High global LNG prices, rising domestic output drags imports in January to 32-month low

Rishi Ranjan Kala | Updated on: Feb 28, 2022

Rising fuel costs will jack up inflation and may prompt hardening of monetary policy by the RBI

Analysts fear that the conflict will not only impact India’s LNG imports , but will also have a cascading impact on inflation | Photo Credit: pixinoo

India’s liquefied natural gas (LNG) imports plummeted to a 32-month low in January this year at 2,408 million standard cubic meters (MSCM) on account of surging international prices, which have been further exacerbated by the Russia-Ukraine war, and increasing domestic production. According to data published by Petroleum Planning and Analysis Cell (PPAC), the lowest import recorded before January 2022 was during May 2019, when in-bound shipments fell to 2,371 MSCM. This is barring the Covid-19 impacted 2020 where during April, the LNG imports sunk to a record low of 1,640 MSCM. Already, LNG imports during the October-December 2021 quarter at 7,896 MSCM were the lowest in the past six quarters. Besides in December 2021, LNG imports of 2,614 MSCM, on a provisional basis, was the third lowest in the last 12 months.

High domestic production

Deloitte India Partner & Leader (Energy, Resources & Industrials) Debasish Mishra, said, “The lower LNG imports can be attributed to the current high prices in international spot markets as well as crude-linked contracts. Thankfully for India, coinciding with the high global LNG prices, as per PPAC data, domestic production has gone up by almost 30 per cent in the last two years. This is mostly contributed by the offshore fields.” During FY22 (April-January), India’s natural gas production stood at 27,803 MSCM, which has already surpassed the output recorded during the pandemic-impacted FY21 at 27,784 MSCM. Similarly, during FY20, FY19 and FY18, India’s natural gas production stood at 30,257 MSCM, 32,056 MSCM and 31,731 MSCM, respectively.  ICRA Vice President and Co-Group Head, Prashant Vasisht, expressed similar views. He said, “LNG imports are low on account of high prices of spot gas as a result of which there has been some shift of demand from gas to petroleum products.” Similarly, Fitch Ratings in a report last month, said, “We believe rising domestic production and higher spot LNG prices are likely to constrain LNG imports during Q4 FY22 and H1 FY23. Natural gas consumption in April-November 2021 was up 9 per cent y-o-y as India’s economy recovered from the impact of the pandemic. However, LNG imports were down 2 per cent as higher demand was fulfilled by a steep rise in domestic production.”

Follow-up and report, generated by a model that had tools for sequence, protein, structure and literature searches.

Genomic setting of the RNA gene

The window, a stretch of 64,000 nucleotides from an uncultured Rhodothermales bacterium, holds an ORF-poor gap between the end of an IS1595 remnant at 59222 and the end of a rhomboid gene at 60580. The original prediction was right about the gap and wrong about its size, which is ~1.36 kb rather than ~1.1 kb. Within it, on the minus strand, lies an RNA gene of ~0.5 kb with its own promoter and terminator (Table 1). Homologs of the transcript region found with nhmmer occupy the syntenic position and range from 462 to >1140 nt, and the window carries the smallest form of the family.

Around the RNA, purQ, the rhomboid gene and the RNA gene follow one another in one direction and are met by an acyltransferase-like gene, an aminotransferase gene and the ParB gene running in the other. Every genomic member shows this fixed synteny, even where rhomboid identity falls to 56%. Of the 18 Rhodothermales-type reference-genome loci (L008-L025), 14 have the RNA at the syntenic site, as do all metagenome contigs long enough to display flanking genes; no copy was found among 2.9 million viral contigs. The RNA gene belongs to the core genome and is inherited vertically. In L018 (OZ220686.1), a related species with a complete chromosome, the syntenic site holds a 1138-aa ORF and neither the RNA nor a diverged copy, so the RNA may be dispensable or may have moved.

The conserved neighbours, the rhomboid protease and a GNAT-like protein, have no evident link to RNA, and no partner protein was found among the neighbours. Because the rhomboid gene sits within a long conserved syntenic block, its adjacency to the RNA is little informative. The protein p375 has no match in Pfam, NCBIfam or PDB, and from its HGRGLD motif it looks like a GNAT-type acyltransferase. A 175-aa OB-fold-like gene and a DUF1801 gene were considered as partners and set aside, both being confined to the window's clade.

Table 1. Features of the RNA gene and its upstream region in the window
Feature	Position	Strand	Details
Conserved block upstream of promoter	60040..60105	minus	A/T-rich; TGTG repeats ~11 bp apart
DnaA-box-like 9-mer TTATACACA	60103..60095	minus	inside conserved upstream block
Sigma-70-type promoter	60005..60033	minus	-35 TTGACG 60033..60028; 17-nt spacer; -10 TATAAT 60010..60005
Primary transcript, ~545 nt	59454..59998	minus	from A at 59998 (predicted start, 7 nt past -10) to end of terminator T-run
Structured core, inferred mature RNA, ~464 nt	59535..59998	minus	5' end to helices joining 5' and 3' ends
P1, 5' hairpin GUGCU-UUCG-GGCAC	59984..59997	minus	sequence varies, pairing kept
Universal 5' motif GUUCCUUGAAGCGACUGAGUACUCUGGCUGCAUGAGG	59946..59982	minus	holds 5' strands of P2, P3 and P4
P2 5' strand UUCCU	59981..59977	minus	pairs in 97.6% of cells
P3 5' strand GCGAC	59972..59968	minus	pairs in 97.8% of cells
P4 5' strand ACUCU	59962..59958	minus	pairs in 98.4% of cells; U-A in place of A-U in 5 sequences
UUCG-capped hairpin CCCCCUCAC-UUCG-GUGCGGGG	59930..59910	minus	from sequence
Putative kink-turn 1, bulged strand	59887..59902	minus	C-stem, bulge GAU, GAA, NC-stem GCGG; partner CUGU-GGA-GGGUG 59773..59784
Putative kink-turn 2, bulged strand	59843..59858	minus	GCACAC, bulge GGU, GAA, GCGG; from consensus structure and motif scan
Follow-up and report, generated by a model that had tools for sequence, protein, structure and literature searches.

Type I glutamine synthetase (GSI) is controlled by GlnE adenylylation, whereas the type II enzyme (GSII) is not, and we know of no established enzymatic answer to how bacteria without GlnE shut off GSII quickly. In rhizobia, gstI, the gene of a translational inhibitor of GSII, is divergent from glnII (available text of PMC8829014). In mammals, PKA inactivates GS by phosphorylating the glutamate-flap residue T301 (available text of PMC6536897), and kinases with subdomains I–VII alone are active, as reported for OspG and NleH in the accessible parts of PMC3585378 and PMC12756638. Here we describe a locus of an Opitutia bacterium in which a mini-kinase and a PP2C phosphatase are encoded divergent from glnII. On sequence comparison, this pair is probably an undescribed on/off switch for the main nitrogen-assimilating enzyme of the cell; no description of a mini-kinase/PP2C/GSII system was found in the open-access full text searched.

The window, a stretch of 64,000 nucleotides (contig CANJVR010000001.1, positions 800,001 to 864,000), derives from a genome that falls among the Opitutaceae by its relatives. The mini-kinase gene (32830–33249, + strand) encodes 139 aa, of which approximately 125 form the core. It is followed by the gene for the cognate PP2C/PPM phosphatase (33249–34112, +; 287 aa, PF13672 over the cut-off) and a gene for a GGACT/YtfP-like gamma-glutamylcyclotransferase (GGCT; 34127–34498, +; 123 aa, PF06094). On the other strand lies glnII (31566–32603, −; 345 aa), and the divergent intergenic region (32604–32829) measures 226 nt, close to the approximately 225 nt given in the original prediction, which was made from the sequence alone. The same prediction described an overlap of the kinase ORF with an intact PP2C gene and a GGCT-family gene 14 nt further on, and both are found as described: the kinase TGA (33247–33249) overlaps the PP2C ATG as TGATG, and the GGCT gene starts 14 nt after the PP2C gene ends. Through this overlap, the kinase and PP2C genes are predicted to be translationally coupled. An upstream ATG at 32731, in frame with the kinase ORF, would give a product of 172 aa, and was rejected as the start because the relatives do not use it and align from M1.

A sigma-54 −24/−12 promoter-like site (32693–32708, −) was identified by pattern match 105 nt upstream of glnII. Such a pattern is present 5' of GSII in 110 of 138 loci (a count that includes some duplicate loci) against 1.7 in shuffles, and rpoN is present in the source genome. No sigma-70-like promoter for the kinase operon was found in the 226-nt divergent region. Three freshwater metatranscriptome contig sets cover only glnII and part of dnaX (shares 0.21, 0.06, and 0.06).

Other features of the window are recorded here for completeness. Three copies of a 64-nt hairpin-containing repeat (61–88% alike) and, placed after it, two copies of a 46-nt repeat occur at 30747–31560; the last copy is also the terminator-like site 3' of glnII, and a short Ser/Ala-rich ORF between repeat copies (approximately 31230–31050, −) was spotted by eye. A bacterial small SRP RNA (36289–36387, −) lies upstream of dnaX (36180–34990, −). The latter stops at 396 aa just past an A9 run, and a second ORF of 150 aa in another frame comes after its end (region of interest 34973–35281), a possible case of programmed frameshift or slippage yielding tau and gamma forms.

Increasing global prices

According to India Ratings and Research (Ind-Ra), spot Asian LNG prices have been on an increasing trend with average LNG price for February 2021 delivery into North East Asia averaging $33.20-34.4 per million British thermal unit (mBtu), after a softening from the record high of $56 per mBtu. The International Energy Agency (IEA) said that tighter market fundamentals propelled Asian spot prices to all-time highs in October-December 2021, soaring to an average of over $35 per mBtu. Rising international prices of LNG has already inflated India’s import bill. For instance, LNG imported during April-January FY22 stood at 26,785 MSCM which cost the country $9.9 billion, whereas during the same period in FY21, India imported more gas (27,679 MSCM) for just $6.2 billion. India meets half its gas needs through imports by way of liquefied natural gas (LNG). Though India hardly imports LNG from Russia, the crisis has pushed up the fuel prices. This will raise the cost for industry. Rising fuel costs will jack up inflation and may prompt hardening of monetary policy by the RBI, raising the cost of living. It can impact prices of LPG, CNG, electricity as well as have a bearing on ferlitiser industry.

Rising gas consumption

The IEA expects India’s natural gas consumption to grow 8 per cent y-o-y to around 34,949 MSCM in 2022 (CY) aided by an expanding infrastructure, strong GDP growth projections and supportive government policy. In the 2021 CY, the country’s natural gas demand stood at 32,360 MSCM.

Published on February 28, 2022
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